Define your career goal, which should not just be the next promotion.  What do you want to be in, say, five years that will engage you fully and enthuse you because   you are using skills and talents you enjoy doing, satisfying your important needs and living your values?

 

Ask yourself:  is your career goal aligned with your mission and personal vision in life?  These three should be aligned so that your focus is towards the same direction.

Having a guided retreat or participating in a workshop on life/career planning can be very helpful in helping you to craft your personal mission statement, your personal vision and your career goal.

 

For example:

 

Personal Mission:  To be God’s light at the workplace when people I work with witness  that I live the values of excellence, integrity, professionalism and teamwork, and this enables me to contribute towards the success of the organization I work with.

Personal Mission:  In year 2020, I see myself at the head of the sales organization either in my current company or in another company.  This position enables me to influence people in my organization towards meaningful work/life balance and still contributing our utmost to the successful growth of our organization.

Career Goal: By end of 2014, I am occupying the position of sales manager that would enable me to influence my direct reports to live the corporate values, thereby contributing towards greater productivity of our company.

 

Second: Assess your skills and talents, your needs, values and career interest. Look at on-line for self assessment instruments you can take.  Or, you may look at and see if my Career Planning Workbook available at National Bookstore can help you.

Third.  Look at your current job and see if there is a job-person match, i.e., the skills you are using, the needs you are satisfying and the values you are expressing and activities you prefer to do, are those that relate to your assessed interest, skills, needs, and values.  There is NO perfect match.  What is important is that most of the skills you are using are those related to your interests, and that your needs and values are those that are important to you.  If there is a match, then you can continue to pursue your present career when you apply to other companies.  Or if you choose to remain in your company, you only need to “recharge, refocus and reconnect” which will be discussed below.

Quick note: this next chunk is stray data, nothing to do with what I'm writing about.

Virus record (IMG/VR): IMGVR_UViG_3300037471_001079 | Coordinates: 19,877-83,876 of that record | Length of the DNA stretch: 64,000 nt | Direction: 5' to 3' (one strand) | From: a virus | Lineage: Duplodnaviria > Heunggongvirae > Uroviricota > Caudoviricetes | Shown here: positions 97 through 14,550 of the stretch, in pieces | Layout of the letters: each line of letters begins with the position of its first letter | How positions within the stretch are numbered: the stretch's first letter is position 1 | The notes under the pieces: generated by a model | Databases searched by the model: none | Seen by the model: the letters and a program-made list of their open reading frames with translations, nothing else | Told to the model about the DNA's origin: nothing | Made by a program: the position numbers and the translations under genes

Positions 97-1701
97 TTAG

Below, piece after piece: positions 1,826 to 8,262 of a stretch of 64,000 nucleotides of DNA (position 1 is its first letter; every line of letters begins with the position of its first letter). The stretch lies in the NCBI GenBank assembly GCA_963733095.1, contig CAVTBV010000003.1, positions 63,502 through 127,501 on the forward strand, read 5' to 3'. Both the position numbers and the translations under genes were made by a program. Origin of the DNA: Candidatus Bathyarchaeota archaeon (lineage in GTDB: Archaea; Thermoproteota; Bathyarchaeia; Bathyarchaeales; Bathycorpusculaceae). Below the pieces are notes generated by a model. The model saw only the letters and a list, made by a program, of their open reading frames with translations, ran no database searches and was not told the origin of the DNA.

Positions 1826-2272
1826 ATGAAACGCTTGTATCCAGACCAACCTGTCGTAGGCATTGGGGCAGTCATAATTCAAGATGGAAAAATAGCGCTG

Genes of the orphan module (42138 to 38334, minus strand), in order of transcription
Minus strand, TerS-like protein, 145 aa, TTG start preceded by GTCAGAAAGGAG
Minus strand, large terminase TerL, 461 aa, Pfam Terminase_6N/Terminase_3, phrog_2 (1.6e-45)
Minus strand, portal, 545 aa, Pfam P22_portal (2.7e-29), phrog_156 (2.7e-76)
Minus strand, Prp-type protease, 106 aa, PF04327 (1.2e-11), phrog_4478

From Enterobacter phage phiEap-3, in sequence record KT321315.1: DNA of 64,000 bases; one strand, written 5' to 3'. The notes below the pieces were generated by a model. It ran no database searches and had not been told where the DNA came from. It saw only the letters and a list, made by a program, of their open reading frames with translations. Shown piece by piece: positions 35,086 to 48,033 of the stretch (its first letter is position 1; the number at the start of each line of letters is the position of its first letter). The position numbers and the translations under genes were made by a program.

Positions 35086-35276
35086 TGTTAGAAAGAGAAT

Fourth, recharge. With your mission, personal vision and career goal clear to you, and your skills, needs, values and interest clarified, you can now look at how you can make your job meaningful because you see it as a way of fulfilling your mission in life and is a stepping stone towards your personal vision, and in achieving your career goal.

 

Fifth. Refocus. Being clear about your mission, personal vision and career goal will enable you to drive your own success when you define your job/work goals from a new perspective.   This will promote your work engagement.  You take responsibility for your own success and you are able to define the contribution you want to make.  Promotion is a consequence of these.

 

 

Sixth.  Reconnect. Strong positive relationships with your manager and your co-team members are vital to both a great work experience and job success.  Take initiative in setting a meeting with your manager to discuss your job/work goals and getting his inputs.  Take initiative in asking him before the performance appraisal period, to sit down with you to discuss your areas for improvement and how you can hone your skills to enable you to help him meet his own work/team goals.